41. Mechanisms to broaden participation should be encouraged, and such efforts should be ongoing and transparent with regular reports provided by the IGF Secretariat on progress made and obstacles faced.
2. Enhance measures for broader participation
42. Remote participation is an integral part of the IGF. While remote participation has improved, in particular through remote moderators and hubs, there is still room for improvement in the following areas:
- The Secretariat should continue to ensure the availability of adequate technical and human resources, including remote moderators;
- Chairs and moderators should give remote and on-site participants equal recognition and the opportunity to participate;
- Low-bandwidth connections to remote participation tools should be
- Linguistic diversity in remote participation should be fostered by
ensuring that online meeting platforms interface with on-site interpretation;
- Mechanisms that facilitate remote participation, such as live transcripts, should be kept as an integral part of the IGF. Such mechanisms are invaluable not only to remote participants, but also to non-English-speakers and to people with disabilities, whether they are on site or not.
43. It is important to ensure the accessibility of the IGF’s facilities to persons with disabilities.
44. To improve participation in the IGF of diverse linguistic and cultural groups, it is important to expand linguistic diversity functions in the work of the IGF. For example, this could be achieved by (resources permitting):
- Increasing the translation of key documents into United Nations official languages;
- Exploring the use of simultaneous machine translations based on realtime English transcripts;
- Encouraging the use of any of the United Nations official languages, not only English, as the working language in some workshops.
3. Improve the online visibility and accessibility of the IGF
45. A first step in this direction should be to enhance the IGF’s website by providing interactive functionalities and making it more attractive and inclusive. It should also maintain its conformance with open standards and further improve accessibility to persons with disabilities.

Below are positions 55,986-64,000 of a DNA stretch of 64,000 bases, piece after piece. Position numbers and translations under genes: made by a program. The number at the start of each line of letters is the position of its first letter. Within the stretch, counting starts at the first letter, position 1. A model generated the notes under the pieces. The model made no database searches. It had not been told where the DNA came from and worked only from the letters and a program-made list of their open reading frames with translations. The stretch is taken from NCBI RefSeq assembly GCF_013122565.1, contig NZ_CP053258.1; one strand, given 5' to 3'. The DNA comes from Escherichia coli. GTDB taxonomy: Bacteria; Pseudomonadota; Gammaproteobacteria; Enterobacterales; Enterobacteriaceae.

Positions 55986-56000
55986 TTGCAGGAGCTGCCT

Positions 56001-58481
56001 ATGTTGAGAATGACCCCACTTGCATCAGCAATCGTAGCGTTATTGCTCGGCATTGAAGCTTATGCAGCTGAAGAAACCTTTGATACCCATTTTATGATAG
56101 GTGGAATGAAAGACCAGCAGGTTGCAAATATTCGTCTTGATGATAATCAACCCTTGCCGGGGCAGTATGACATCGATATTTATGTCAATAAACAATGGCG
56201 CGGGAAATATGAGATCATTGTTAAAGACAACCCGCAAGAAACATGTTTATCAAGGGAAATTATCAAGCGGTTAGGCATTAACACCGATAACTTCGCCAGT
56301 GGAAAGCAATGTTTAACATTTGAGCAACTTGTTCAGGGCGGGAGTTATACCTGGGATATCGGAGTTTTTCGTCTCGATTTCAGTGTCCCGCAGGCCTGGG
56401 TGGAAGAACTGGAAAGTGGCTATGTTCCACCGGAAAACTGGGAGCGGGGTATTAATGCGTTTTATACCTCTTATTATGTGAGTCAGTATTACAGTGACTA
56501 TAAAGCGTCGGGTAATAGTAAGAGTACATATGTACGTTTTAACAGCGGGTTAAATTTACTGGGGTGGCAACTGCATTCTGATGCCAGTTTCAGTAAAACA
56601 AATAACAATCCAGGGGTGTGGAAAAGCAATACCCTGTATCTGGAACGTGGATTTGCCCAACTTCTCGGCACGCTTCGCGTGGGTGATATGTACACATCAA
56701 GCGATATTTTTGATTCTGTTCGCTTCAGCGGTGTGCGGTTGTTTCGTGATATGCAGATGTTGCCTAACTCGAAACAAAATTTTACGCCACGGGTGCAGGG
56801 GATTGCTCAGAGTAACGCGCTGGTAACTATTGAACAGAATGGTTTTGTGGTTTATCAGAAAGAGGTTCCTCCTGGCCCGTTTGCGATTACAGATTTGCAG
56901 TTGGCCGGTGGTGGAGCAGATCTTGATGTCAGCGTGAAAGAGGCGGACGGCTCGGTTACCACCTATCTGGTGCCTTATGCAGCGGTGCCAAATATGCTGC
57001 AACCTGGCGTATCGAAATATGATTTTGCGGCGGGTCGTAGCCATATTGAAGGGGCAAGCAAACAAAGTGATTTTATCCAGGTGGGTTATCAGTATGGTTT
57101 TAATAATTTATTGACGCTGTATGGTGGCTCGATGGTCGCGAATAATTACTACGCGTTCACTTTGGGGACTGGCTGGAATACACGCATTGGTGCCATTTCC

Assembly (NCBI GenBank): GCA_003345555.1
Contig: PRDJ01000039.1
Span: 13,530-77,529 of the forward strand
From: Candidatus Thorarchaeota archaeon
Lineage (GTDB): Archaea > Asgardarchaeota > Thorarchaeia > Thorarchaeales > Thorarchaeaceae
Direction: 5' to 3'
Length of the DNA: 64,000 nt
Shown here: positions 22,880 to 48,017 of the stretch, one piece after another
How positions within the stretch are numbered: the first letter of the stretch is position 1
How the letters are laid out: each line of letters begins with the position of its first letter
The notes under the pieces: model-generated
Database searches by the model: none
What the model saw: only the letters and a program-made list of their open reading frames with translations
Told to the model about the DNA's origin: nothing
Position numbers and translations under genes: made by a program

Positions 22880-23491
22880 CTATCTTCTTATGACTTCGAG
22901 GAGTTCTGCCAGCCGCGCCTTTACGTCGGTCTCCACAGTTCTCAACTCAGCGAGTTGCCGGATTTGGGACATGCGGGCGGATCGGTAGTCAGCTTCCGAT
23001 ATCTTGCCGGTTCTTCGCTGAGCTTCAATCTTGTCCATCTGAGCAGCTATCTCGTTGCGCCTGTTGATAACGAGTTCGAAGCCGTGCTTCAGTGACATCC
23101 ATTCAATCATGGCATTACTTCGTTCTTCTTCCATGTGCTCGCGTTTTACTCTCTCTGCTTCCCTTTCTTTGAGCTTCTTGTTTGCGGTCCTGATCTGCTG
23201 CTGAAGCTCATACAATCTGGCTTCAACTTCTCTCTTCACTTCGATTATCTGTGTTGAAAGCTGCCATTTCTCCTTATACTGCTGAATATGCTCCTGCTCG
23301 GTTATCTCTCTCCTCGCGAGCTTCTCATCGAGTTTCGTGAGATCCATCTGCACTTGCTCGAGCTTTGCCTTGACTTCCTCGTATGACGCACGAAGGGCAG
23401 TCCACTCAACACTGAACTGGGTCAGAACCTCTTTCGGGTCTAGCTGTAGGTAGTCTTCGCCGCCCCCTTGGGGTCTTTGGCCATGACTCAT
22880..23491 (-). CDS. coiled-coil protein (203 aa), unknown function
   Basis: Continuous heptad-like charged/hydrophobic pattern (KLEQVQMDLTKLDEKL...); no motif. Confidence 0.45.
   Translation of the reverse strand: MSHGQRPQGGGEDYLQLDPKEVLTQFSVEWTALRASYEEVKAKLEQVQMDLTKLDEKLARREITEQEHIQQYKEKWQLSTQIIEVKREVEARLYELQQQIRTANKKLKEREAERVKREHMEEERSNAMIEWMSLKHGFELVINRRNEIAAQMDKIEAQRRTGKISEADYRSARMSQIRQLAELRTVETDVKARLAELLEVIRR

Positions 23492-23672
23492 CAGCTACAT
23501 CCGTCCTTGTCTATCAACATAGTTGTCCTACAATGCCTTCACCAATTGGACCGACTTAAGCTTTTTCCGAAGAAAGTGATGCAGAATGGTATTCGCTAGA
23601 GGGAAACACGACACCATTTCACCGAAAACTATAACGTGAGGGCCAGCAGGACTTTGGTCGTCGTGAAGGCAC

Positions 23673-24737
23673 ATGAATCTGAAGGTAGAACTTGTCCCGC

46. It is important to continue to encourage host countries to make information about logistics (e.g. low-cost accommodation, transportation between airports and hotels, shuttling between hotels and meeting venues) available in a timely manner on their websites.
4. Enhance all stakeholders’ understanding of the IGF and Internet governance issues
47. 47. The role of the IGF as a “one-stop shop” where people can increase their knowledge and understanding of the IGF and Internet governance issues should be strengthened. This could be done, for instance, by introducing a structured track of pre-events and events at the Forum that contribute to capacity-building in Internet governance.
48. All bodies dealing with Internet governance should be invited to participate, in a coordinated and cooperative manner, in the “one-stop shop” track of the IGF which contributes to capacity-building on Internet governance.
49. Orientation is important to better engage newcomers to the IGF and to create an environment where their participation becomes the most useful for them and also for other participants. Existing mechanisms to orientate newcomers should be continued and strengthened. This could be done by encouraging stakeholders’ initiatives to document the IGF, including concerning best practices, with related links on the IGF website. The establishment of an Internet Governance Observatory is also encouraged.
50. Taking into account the need to increase the participation of all stakeholders, and in particular representatives of governments and parliamentarians to further broaden their interactions with other stakeholders at the IGF, a broad strategy could be developed to encourage their attendance, including possibly by organizing a special session during the IGF for them.
V. Linking the IGF to other Internet governance-related entities
51. It is important for the IGF to continue and improve its interaction and communication with other Internet governance-related entities in order to further global policy dialogue. This goal can be achieved by developing a defined outreach and communication strategy.
The Working Group makes the following recommendations:
1. Ensure the relevance and inclusiveness of annual IGFs
52. The IGF is encouraged to continue and extend its interaction and communication with Internet governance-related entities in order to further develop the global policy dialogue.
53. The IGF Secretariat and the MAG should continue to improve the sharing of information related to the chosen policy questions for each annual IGF and its outcome documentation, with relevant Internet governance-related entities.